Vista, the return.You know, I used to joke that when you installed a new operating system, it was a good reason to take a week off work. The joke is, it should be a fortnight. At any rate, with the idea of easing myself back into the swing of things after an extended Summer break, I have set aside three days to do no more than "f*ck around" in Windows Vista. I aim to master this beast. I aim to tame it.
As you may remember, the last time I played with Bill's latest version of Windows, I concluded that it was crap, and best left well alone, for now. Also, I needed time to save up for a legal copy.
Time passed …
Recently, more than one brave soul has suggested to me that the new SP11 actually makes Vista "not crap". Good, because the Vista bug reports have started to come in for my apps! Time to install. I'll likely be working around various bugs and issues, getting unsupported hardware to work, discovering useful features and tips, and more, so I'll keep some notes, here, and might even get them sensible before I hit "Publish". In an effort to retain my sanity, I'll be blogging this from a Linux rig.
First off, let me state that I like the look of Vista. All that alpha blending and shadows and stuff, love it! It seems Windows is finally catching up, visually, to where I left the Mac platform, years ago. Many say it's just eye candy, but I say to them, "Up yer arse!". How you feel about your working environment doesn't stop being important the instant you cross the LCD barrier. In your office, you don't sit on a rock, right? This is how desktop windows are supposed to look. Bringing a window to the front really should do that; the thing should jump at you. Now they do. In fact, the more I think about it, the more I want that back. it's definitely time to install Vista..
Installing Vista..The last (first) time I installed Vista, it made a real mess of things. Despite the fact that I chose one of my SATA drives for the install, for some obscure reason it decided that my archive drive (an old, but huge IDE device) should be the boot drive, and left its bootmgr files there. I could have lived with that, I guess, if it wasn't for the fact that the only way to actually boot into Vista, was to NOT boot off an optical disk! Or rather, to insert a bootable CD/DVD, and then not boot off it. Very strange, and definitely explainable if you know everything there is to know about how boot loaders work, which I don't. At any rate, it was all too crap, and in no time my spare drive quickly reverted to being my backup XP system.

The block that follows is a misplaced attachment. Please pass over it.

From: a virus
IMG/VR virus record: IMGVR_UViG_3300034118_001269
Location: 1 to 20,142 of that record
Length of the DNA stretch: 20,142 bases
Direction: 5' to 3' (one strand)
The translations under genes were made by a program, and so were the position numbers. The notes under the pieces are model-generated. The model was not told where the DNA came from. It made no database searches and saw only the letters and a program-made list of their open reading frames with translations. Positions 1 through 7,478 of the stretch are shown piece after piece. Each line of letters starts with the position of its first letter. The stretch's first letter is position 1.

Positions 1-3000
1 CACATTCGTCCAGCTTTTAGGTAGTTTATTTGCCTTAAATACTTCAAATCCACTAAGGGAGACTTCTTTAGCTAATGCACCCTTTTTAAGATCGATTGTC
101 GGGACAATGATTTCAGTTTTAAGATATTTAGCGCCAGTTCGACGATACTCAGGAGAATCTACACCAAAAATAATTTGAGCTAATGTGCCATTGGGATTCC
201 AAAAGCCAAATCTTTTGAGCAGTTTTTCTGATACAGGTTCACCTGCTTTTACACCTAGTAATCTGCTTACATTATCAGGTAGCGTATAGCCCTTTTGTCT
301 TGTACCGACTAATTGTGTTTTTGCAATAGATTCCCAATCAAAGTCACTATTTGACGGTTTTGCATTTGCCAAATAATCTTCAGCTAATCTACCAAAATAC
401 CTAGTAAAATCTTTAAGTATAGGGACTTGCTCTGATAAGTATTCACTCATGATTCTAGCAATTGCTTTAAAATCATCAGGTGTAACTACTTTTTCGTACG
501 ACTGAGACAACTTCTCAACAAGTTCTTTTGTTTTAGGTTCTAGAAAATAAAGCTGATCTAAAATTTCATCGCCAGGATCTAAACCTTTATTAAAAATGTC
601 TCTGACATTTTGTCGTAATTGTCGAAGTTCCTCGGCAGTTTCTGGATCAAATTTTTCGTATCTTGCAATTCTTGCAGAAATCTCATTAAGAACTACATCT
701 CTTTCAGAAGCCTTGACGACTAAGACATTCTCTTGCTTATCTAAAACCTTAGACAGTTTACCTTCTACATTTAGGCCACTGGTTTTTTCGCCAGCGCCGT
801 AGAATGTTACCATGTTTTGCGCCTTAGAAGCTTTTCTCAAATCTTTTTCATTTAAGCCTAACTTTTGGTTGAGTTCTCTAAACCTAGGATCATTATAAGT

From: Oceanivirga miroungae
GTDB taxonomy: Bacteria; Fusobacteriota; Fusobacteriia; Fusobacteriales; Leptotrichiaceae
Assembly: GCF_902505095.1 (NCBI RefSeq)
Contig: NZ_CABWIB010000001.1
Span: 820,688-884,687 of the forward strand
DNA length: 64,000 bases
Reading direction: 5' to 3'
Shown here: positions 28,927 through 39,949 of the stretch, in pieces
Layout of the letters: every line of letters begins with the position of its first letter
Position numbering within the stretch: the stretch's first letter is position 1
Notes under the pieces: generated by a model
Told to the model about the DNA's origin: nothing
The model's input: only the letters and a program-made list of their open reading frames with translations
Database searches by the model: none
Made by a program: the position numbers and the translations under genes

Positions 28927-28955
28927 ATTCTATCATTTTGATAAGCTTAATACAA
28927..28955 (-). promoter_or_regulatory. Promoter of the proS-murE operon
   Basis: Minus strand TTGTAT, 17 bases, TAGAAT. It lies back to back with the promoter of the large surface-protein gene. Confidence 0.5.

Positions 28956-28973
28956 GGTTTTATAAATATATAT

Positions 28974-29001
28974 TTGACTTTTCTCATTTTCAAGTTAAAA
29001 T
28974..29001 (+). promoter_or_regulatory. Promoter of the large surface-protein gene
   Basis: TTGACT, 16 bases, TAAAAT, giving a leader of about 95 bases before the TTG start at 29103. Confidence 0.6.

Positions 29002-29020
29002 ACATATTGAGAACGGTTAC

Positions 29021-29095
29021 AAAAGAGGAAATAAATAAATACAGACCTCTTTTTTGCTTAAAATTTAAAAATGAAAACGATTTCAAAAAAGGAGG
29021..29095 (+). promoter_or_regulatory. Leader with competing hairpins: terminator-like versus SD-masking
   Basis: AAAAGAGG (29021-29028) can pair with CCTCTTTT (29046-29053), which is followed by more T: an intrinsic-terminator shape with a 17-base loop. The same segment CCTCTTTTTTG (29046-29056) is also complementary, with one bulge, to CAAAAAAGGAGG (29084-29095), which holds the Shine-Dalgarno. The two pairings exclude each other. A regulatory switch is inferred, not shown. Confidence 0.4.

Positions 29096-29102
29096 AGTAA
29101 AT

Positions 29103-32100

This time I'm taking no chances. My fiendish plan is to leave XP on SATA1, put Vista on SATA2, and use the motherboard's built-in on-the-fly boot drive selection to dual-boot into either XP or Vista on a whim. No messing with funky dual-boot loaders or any of that nonsense, I'll let the motherboard take charge, and as far as each system is concerned, it is the ONLY system, and the other is just another dive.
I unplug all drives but SATA2 (and the DVD drive, of course), and begin the install. Somebody somewhere probably has an excellent reason why you should NEVER EVER simply unplug the SATA/IDE cables and leave the power cables in, but that's exactly what I did; I haven't met that person yet.
Of course, I realize at drive selection time that I have no Vista drivers for my Promise (FastTrak 376) RAID controller. Unlike XP, the Vista install has a proper button for loading storage drivers; none of that hitting F6 Five Hundred times, "just to be sure", and so I click that and point the installer at my floppy with XP drivers (A CD would work too, I guess). Fortunately, the XP RAID drivers work just fine, and the Vista install is quick and fairly uneventful.
Unlike XP, it doesn't expect you to just sit there, waiting to answer questions. Instead, it asks the bare minimum of information, and then gets on with the job. Very refreshing. You can actually walk away. But not for too long; the install is very quick! Without a doubt, the fastest Windows install I've ever done. In just over half hour, I am "In Vista".
The first thing Vista does is call home and and update itself. I let it do this, and take the time to have a quick look around my new system. Some of the things which made the first Vista so crap, are still there; so after the initial "essential tweaks", namely, single-click to activate things, disable preview pane, disable UAC, disable sidebar, enable menus and status bar, that sort of thing, I begin to explore2.
I see, or rather, hear, that I have no sound. And my Infra-red dongle (a Kingsun SF-620 cheapo-irda-device) hasn't installed (no surprise, there). There's also another, unknown device that, for the life of me, I can't identify, so it's probably something I don't use anyway, some not-plugged-in thing; probably some part of my soundcard (Audigy 2ZS Platinum Pro). Aside from this, all my hardware is working just fine in Vista. Great news!
I was particularly concerned about my video card; an old GeForce FX5600 (I'm not a gamer), but it certainly seems to be up to handling Vistas graphic requirements no problem. It did get the lowest score in my Vista Experience ranking thingie. But hey! I've got alpha layer transparencies and Flip 3D and all those visual goodies that make Vista so darned cute. So, no upgrade required. CoOl! More money for RAM!
Back later, for sure..
:o) The Writing Entity @ corz.org
- Service Pack One - A huge bundle of fixes and improvement that generally appears a few months after the original Windows release. it's generally not wise to install anything from Microsoft until you have this.
- Oh! that's why they called it "Explorer" !